Justin Verlander on the spot

The 2012 Fall Classic between the Detroit Tigers and San Francisco Giants kicks off Wednesday, with Justin Verlander facing off against Barry Zito. Our experts discuss that seemingly lopsided pitching matchup, and other pressing issues, in Triple Play.

1. Based on the Zito-Verlander mismatch in Game 1, is this a game the Tigers need?

Eric Karabell (@karabellespn), ESPN Insider: Absolutely not. No Game 1 of a seven-game series is a must-win for any team. I also don't buy momentum as a factor should the Giants topple the mighty Verlander. Frankly, those assuming the Tigers will simply rout Zito weren't paying attention last week when he flummoxed the stunned Cardinals. Either team can lose Game 1 and still win this series.

Doug Glanville (@dougglanville), Baseball Tonight: This certainly puts unique pressure on the Tigers, because it will be a letdown if they lose, as they have the clear starter advantage. But keep in mind that the Tigers' entire rotation has been excellent, and they can salvage the series even if Verlander loses Game 1.

Christina Kahrl (@ChristinaKahrl), SweetSpot: They need them all, but I would not have bet against Verlander if he were facing Matt Cain or Madison Bumgarner. It's a game the Giants have to confront with a basic sense of mathematically driven desperation -- can they win three of the next four in the non-Verlander starts to get to a deciding Game 7? Sure they can, but the Tigers' matchup advantage is significant at the outset.

2. Looks like Tim Lincecum will pitch in relief. Is that the right call?

Karabell: Correct call, although I'd have Timmy warming up early in either of the first two games. For whatever reason, Lincecum simply has pitched better in relief in October, with three hits, one walk and one run allowed over 8 1/3 innings, while his one start went poorly. Plus, it's worth noting Detroit's OPS was 47 points better against right-handers this season. The Giants shouldn't remove Zito or Bumgarner from the rotation.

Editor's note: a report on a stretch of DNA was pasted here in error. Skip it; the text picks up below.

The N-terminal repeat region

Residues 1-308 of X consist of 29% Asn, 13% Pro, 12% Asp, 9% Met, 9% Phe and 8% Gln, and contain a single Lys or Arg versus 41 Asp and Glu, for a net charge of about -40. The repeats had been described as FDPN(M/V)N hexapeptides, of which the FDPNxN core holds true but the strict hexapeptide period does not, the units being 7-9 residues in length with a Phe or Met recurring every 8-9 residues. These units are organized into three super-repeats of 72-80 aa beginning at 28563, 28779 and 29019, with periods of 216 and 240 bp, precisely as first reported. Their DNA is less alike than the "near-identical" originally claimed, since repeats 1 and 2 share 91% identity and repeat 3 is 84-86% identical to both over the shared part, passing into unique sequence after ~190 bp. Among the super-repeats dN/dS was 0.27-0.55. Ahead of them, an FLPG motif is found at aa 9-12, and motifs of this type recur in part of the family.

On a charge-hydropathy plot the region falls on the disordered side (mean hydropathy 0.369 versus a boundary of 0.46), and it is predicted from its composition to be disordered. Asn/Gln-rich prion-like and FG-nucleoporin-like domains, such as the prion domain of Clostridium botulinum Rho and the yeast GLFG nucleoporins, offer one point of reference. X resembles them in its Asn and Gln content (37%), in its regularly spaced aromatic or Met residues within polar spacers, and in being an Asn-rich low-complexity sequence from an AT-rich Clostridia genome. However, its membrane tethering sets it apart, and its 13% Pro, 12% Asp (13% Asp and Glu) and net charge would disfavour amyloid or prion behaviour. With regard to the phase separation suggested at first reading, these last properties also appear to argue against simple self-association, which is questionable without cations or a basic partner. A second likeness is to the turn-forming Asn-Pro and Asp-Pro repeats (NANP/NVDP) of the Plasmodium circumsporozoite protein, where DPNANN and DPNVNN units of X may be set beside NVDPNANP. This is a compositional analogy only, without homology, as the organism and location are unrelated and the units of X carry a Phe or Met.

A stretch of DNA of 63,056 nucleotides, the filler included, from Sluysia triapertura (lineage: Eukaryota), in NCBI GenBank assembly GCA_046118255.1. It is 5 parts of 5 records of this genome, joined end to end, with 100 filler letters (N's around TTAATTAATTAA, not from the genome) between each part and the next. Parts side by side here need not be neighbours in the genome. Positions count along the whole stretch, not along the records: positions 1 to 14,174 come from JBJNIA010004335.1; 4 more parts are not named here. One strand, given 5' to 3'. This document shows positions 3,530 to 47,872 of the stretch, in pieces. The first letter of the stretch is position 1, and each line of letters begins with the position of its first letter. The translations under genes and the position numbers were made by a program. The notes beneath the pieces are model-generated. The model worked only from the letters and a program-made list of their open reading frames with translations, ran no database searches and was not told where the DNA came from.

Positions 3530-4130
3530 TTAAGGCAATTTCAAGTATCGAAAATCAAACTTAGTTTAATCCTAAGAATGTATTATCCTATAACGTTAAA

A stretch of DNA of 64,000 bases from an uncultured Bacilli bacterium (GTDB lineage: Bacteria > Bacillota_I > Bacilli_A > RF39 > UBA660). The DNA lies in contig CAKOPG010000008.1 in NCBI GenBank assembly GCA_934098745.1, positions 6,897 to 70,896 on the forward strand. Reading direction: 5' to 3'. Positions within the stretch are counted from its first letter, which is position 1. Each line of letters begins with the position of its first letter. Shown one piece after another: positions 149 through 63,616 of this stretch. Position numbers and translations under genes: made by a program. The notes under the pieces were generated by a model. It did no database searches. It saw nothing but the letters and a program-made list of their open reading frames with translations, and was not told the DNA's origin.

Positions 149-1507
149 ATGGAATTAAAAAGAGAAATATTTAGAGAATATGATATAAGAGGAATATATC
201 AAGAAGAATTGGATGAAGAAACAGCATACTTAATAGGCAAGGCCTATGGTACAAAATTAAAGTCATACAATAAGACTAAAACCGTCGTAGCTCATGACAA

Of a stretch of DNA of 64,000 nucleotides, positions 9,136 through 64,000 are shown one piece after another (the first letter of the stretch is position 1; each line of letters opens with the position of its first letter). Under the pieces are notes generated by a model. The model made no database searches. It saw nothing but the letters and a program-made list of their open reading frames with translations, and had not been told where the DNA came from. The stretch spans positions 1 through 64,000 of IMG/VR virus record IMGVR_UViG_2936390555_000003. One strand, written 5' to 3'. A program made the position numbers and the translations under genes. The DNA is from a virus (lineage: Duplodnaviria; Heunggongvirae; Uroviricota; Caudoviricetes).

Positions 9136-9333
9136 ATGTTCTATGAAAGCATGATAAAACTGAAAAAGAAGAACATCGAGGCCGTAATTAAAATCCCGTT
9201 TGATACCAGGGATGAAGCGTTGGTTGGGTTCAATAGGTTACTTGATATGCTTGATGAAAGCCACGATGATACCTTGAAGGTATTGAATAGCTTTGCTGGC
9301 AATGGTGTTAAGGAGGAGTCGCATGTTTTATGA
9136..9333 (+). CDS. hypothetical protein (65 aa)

Glanville: Yes. Lincecum earned his opportunity to start in the National League Championship Series, but that didn't go well, and he has thrived when used as a long man. In the postseason, the long man is critical when hooks are quick. His start didn't go well enough to trump what Zito pulled off in Game 5.

Kahrl: Yes. I wanted to see Bruce Bochy keep Lincecum in a long relief role, because of what it lets the skipper do in the series, starting with keeping Zito on a short leash so that the Giants' bullpen doesn't have to burned once trouble crops up in Game 1. If Zito creates any cause for alarm, Bochy can pull him fast, count on Lincecum for at least once through the order and then see where things stand. Keep Game 1 close, and maybe the Tigers' bullpen gets put on the spot late. It's as good a plan as the Giants can come up with to open the series.

3. Who should close for the Tigers?

Karabell: I think people forget that while Jose Valverde was overrated in his perfect 2011 season and certainly not a great reliever this year, he does have value, especially against right-handed hitters. With Joaquin Benoit a home run waiting to happen, I'd have lefty Phil Coke and Valverde share the role, depending on the hitter. Valverde allowed a .515 OPS to right-handed hitters this year, with no home runs. Use him against Hunter Pence and Buster Posey.

Glanville: Valverde. He might find that one adjustment he needs to make to get back to form. They can give him a short rope and then be situational from there. His velocity is down and his location has been a bigger issue, but he still is my choice.

Kahrl: Jim Leyland should just keep playing matchup games and keep Bochy guessing. If Coke makes sense, Coke is it. If Benoit is the better matchup, bring him in. Octavio Dotel? Do tell. The point is winning, not affirming anyone's sense of whether or not they get to wear the "closer" label. Happily, this time of year, I suspect the Tigers' relievers get that.